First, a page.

Editorial

Mr Whittington Cole must not die in vain

Wednesday, August 15, 2018

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The horrific story in yesterday's Jamaica Observer about the fatal attack by dogs on a 66-year-old man as he walked in his community of Hampton Green, St Catherine, late at night is an appalling commentary on the state of affairs in this country.

The most lamentable thing about the dog attack on Mr Whittington Cole is not merely that it happened, resulting in his death, but that such incidents have occurred over and over again for many years with the authorities seemingly unable or disinclined to act to prevent recurrence.

Each time there is hue and cry, including in the pages of this newspaper. Each time there is talk of drafting and strengthening laws and other proactive action to prevent such occurrences. There is talk of outlawing the breeding and domestic ownership of attack dogs — such as are alleged to have killed Mr Cole. There is talk of compulsory registration of dogs. There is talk of holding accountable people who allow their dogs to stray from home.

Each time there is talk of putting in place animal pounds and the removal of stray animals — including dogs — from the streets.

Each time the nine-day wonder phenomenon chips in. Memory of the horror fades. The issue is gradually forgotten until there is another horrific attack such as led to Mr Cole's death, even as he went about his own private business.

A check in the archives of this newspaper shows that as recently as October 2016 we found reason to comment on the attack by dogs on a St Andrew mother and her two young children. That commentary also highlighted the death of 56-year-old Mr Jerome Pow after he was attacked by pit bulls in the vicinity of Hagley Park Road.

Back then, in this space, we urged everyone, including media, to abandon the tendency towards nine-day wonder and to focus on ensuring that, once and for all, something is done to deal with this problem of out-of-control dogs maiming and killing people.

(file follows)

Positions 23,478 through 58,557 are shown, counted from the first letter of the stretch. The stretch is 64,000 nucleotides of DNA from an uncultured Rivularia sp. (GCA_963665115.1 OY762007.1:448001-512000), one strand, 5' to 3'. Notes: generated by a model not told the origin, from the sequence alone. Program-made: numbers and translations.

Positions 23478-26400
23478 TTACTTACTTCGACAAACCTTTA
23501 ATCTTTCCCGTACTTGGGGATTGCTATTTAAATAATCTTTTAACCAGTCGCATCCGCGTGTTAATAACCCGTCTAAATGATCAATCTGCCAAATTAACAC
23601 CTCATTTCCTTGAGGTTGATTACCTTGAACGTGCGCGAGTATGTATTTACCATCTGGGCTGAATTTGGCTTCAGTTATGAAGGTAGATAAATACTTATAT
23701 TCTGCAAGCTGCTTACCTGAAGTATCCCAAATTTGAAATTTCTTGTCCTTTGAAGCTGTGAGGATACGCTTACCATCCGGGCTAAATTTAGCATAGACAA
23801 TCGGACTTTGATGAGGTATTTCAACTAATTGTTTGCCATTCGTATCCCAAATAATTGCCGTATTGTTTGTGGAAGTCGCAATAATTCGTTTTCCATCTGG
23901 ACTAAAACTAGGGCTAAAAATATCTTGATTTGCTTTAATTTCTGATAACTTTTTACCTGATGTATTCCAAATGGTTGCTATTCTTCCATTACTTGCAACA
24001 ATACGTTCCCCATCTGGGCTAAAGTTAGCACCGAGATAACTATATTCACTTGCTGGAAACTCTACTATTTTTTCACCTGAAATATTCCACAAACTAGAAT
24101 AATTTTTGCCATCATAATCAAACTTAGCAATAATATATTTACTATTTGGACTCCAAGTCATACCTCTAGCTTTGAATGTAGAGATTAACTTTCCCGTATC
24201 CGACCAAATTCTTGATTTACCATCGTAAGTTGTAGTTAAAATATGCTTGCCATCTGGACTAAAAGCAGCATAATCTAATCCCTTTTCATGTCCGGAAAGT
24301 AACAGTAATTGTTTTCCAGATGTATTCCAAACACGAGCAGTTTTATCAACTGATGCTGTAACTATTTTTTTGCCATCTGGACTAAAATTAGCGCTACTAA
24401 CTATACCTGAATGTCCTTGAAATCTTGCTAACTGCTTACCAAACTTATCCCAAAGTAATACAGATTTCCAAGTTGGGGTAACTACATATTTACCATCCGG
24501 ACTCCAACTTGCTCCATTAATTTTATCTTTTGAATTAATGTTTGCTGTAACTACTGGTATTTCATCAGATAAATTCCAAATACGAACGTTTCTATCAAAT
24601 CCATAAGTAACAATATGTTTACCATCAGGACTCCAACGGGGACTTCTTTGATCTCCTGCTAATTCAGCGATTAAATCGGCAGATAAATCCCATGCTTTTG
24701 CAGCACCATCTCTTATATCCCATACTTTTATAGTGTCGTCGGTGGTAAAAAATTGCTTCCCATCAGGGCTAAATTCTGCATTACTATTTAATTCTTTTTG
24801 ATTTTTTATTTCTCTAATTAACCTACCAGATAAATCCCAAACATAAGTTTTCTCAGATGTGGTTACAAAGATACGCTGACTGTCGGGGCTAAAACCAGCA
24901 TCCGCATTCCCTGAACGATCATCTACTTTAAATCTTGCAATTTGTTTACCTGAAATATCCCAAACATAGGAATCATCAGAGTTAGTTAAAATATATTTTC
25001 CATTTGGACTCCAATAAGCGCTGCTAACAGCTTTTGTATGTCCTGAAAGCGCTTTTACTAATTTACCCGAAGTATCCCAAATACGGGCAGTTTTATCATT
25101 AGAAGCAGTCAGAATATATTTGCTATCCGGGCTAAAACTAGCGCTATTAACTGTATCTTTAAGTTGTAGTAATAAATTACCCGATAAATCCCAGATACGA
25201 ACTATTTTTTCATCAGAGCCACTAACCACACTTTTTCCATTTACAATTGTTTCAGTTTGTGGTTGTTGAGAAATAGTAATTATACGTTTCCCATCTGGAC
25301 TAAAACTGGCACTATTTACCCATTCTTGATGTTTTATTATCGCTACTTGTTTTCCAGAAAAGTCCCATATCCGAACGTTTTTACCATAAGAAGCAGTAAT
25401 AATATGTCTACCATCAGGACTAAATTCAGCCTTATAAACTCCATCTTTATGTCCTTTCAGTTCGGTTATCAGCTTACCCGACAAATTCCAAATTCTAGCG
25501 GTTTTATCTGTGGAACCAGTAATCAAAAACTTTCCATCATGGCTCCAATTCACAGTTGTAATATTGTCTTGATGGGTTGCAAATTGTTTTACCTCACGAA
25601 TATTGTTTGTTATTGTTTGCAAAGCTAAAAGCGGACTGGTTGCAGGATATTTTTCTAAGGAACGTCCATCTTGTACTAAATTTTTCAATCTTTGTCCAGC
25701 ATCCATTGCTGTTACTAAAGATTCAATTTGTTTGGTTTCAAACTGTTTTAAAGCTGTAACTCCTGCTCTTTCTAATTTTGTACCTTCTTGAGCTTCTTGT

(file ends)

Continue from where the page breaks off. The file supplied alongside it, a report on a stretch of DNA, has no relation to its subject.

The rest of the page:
Back then, we highlighted an insert from a column written by then Observer columnist Ms Grace Virtue to illustrate the extent of the problem. We think it useful to do it again. Ms Virtue wrote: “In July 2011, 62-year-old Valerie Stephenson of St Catherine was killed by a pit bull as she walked in the community. Four months earlier, in Westmoreland, eight-month-old Oshawn Obermann was mauled by a pit bull owned by his parents. He survived with major injuries. In December 2012, two-year-old Ronica Gregory of St Catherine was killed by a pit bull and her sister seriously injured…

“Also in 2012, a woman and her 14-month-old son were attacked by a pit bull in Spanish Town. January 2, 2014, a three-year-old lost an eye after he was mauled by a pit bull in St Ann, and on January 4, 2014, a 59-year-old mechanic was mauled by three pit bulls in St Mary.”

Back then, we urged that all stakeholders, including the media, do their utmost to ensure that sustained pressure was brought to ensure action by the authorities. We are ashamed to say the pressure wasn't sustained. It turned out to be just another nine-day wonder.

It seems to this newspaper that all news media — including this newspaper — and all stakeholders have a moral responsibility to ensure that the latest victim to vicious dogs has not died in vain. We simply can't allow Mr Cole's death to become another nine-day wonder.

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